Recreating Alfred Hitchcock is just about impossible. Sure, we've had a myriad of attempts, from Chris Reeve's bland television version of Rear Window to Gus Van Sant's perfectly hollow recreation of Psycho. But Alfred's the master -- a filmmaker who could marry technique with story, making a film as critically exciting as it is entertaining, eliciting similar love from critics and moviegoers alike, whether the eye is trained towards technique or intrigue.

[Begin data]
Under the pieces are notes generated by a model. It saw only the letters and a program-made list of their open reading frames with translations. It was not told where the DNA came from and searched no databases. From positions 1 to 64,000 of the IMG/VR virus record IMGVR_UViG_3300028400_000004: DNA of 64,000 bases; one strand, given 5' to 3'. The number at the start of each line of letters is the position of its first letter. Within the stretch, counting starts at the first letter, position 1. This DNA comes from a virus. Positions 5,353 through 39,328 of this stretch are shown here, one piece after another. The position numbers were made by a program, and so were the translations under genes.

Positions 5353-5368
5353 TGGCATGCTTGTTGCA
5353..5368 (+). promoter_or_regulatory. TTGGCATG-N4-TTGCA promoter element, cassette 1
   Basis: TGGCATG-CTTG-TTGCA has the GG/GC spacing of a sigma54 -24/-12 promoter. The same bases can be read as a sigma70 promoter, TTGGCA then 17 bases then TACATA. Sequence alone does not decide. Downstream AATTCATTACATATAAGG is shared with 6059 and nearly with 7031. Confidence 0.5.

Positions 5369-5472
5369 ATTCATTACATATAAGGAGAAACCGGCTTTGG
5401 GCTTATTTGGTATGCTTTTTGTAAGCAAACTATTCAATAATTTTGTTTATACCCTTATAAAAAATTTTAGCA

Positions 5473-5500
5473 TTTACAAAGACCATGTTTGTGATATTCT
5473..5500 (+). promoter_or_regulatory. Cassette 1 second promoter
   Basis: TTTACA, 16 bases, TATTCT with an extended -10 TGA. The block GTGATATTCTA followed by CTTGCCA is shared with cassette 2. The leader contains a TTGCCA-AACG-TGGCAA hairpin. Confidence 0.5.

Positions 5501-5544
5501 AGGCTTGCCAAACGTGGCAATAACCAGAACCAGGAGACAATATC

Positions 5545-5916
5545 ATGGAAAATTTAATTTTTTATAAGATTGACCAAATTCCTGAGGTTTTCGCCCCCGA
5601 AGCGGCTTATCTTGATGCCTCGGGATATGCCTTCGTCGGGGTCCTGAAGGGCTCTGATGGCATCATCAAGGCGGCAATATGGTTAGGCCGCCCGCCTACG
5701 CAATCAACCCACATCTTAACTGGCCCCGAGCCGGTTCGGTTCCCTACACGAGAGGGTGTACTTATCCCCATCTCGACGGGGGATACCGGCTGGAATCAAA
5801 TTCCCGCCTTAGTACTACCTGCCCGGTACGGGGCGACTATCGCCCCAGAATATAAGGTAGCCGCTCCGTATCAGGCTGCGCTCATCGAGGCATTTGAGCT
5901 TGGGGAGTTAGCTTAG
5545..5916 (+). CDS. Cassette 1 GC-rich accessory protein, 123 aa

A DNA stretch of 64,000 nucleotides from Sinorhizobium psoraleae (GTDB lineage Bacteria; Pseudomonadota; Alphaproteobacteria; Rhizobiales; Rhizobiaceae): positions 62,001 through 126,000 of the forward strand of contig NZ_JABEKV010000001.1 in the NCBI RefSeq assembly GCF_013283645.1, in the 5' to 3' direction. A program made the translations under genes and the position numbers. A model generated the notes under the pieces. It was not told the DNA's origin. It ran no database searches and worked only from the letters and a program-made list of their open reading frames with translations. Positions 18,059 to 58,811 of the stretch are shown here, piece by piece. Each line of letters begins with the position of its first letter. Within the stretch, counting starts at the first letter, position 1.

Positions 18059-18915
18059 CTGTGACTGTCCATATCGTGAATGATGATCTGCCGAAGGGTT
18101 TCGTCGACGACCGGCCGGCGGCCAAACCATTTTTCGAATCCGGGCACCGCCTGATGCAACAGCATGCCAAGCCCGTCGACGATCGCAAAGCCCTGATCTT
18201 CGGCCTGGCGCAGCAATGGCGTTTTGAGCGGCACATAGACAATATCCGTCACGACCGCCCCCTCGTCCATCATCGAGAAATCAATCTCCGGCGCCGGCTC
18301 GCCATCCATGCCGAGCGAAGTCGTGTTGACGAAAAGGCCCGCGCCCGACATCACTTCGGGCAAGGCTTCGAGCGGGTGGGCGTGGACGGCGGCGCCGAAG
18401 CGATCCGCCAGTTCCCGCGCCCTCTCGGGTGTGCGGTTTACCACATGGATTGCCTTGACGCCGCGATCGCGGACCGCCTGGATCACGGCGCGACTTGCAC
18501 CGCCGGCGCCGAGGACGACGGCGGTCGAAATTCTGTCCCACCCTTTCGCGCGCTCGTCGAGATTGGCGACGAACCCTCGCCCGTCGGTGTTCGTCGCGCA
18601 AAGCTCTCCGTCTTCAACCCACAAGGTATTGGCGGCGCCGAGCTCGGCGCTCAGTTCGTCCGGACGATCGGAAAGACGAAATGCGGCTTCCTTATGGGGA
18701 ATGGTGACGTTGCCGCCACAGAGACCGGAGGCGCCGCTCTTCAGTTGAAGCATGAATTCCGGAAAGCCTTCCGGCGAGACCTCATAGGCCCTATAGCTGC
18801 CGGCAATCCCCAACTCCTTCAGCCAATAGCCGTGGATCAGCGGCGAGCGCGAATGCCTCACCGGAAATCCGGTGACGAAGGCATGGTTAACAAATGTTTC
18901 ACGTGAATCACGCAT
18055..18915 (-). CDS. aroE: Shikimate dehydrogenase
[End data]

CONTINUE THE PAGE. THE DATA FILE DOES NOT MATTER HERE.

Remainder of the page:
Rear Window is a little different. This is one of Hitchcock's most respected works, but it's also one that's often shuffled aside when it comes to fame. There were times when it was unavailable to the eager audience at large, and the film certainly doesn't have the sheer name power that, say, Psycho boasted. Nevertheless, Rear Window is a film that can seem, at once, both dated and modern, able to pluck at tension while also remaining relevant over 50 years later.